Police: 'There is no proof to spyware allegations, everything was legal'

Attorney-General Avichai Mandelblit said initial examination did not turn up evidence of systemic misuse of surveillance technologies.

Avicahi Mandelblit (photo credit: TOMER NEUBERG/FLASH90)
Avicahi Mandelblit
(photo credit: TOMER NEUBERG/FLASH90)

Police commissioner Kobi Shabtai slammed reports on illegal police usage of spyware technology as being without evidence and stated that everything that was done was legal.

In a statement issued to police on Friday, Shabtai denied any wrongdoing and lambasted the press for allegations made, as "so far we have not found any proof that the things as published actually happened."

He added that "there is not and never has been a scenario in which the Israel Police violated the privacy of innocent civilians and demonstrators in an institutionalized and systematic matter."

Everything the police did, he said, was done properly with the necessary legal approvals and permissions. Not only that, but the police have no plans on stopping what he claims are legally approved measures.

"Our use of technological tools in accordance with the law will continue, and our goal is to continue developing and upgrading these tools even further," Shabtai said. 

"A police force that seeks to be relevant in the fight against crime must do so."

 The letter comes after Israel's Attorney General Avichai Mandelblit ordered an investigation into police surveillance tactics amid reports that law enforcement improperly used a disputed hacking tool.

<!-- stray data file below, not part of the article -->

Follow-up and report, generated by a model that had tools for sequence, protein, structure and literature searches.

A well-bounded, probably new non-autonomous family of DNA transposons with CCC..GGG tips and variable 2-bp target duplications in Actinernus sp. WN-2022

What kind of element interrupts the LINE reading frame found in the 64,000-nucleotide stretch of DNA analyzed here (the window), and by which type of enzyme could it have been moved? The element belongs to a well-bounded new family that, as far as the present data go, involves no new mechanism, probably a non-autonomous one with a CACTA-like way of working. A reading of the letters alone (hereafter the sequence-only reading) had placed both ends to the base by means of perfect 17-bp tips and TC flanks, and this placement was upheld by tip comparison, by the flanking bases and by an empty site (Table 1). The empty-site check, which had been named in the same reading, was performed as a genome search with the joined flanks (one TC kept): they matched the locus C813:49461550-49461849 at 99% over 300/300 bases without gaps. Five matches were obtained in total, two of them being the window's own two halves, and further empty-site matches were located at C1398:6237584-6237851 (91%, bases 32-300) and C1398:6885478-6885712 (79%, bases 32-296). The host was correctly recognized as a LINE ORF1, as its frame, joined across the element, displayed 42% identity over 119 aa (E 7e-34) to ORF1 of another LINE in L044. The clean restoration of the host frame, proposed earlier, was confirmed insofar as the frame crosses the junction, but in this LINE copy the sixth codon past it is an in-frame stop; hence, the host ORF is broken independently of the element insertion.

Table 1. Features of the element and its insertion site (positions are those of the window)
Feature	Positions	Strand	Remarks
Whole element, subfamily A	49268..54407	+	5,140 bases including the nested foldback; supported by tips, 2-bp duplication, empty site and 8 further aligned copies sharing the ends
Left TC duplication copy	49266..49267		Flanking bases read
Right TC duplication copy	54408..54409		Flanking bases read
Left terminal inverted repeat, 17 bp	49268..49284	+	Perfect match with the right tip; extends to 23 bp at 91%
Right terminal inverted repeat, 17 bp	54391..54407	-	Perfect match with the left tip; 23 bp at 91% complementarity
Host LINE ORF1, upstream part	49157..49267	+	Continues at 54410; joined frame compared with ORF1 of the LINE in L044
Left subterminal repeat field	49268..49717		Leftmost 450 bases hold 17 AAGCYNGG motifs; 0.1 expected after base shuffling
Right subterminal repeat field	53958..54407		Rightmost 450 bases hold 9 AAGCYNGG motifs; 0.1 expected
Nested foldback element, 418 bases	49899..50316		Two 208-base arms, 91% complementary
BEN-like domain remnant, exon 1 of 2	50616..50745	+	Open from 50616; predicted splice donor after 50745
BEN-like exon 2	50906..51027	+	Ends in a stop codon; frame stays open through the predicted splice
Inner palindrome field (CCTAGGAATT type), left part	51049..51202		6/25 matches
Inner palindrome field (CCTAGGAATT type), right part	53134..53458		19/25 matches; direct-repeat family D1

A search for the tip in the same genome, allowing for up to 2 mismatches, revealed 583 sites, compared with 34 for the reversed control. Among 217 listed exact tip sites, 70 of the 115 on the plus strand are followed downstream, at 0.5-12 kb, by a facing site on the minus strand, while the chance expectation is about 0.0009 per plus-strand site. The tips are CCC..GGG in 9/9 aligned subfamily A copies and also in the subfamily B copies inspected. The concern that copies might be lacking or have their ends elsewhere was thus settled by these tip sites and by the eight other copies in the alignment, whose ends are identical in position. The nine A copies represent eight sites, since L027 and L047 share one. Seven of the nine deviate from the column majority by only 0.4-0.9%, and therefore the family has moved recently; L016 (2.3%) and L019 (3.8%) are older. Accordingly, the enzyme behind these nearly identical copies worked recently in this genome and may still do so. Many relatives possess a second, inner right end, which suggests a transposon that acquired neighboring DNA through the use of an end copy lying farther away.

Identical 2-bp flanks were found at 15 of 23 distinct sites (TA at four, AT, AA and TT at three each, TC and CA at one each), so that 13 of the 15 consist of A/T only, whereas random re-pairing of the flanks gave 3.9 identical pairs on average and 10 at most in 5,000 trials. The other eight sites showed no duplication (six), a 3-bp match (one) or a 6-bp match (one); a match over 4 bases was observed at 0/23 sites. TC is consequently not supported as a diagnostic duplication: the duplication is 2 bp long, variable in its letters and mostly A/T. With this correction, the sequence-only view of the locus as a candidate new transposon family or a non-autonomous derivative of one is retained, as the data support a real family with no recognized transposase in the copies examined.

A report by the Calcalist financial daily describing misuse by police of the Pegasus spyware made by Israel's NSO Group - a company now on a US government blacklist - has already spurred parliament to seek an explanation from police officials.

In a letter to the police commissioner made public, Mandelblit said an initial examination into the matter did not turn up evidence of systemic misuse of surveillance technologies.

He said it was a challenge, however, to track down specific cases described in the media due to the lack of identifying information.

Calcalist, without citing sources, reported that police used Pegasus against targets including anti-government protest leaders, sometimes without the required court warrants.

Israel Police Chief Kobi Shabtai and head of Jerusalem police district Doron Turgeman meet with press near the Damascus gate, following the recent days of clashes between jewish right-wing extremists and Palestinians, April 24, 2021 (credit: YONATAN SINDEL/FLASH90)Israel Police Chief Kobi Shabtai and head of Jerusalem police district Doron Turgeman meet with press near the Damascus gate, following the recent days of clashes between jewish right-wing extremists and Palestinians, April 24, 2021 (credit: YONATAN SINDEL/FLASH90)

"It is difficult to overstate the seriousness of the alleged violation of fundamental rights," Mandelblit said.

The report added a new domestic angle to global pressure on Israel following allegations that Pegasus has been abused by some foreign client governments to spy on human rights activists, journalists and politicians.

Mandelblit said he had formed a team led by his deputy to investigate the issue "in a systematic and thorough manner."

NSO has said it could not confirm or deny any existing or potential customers. It says it does not operate the system once sold to its governmental customers nor is it involved in any way in the system’s operation.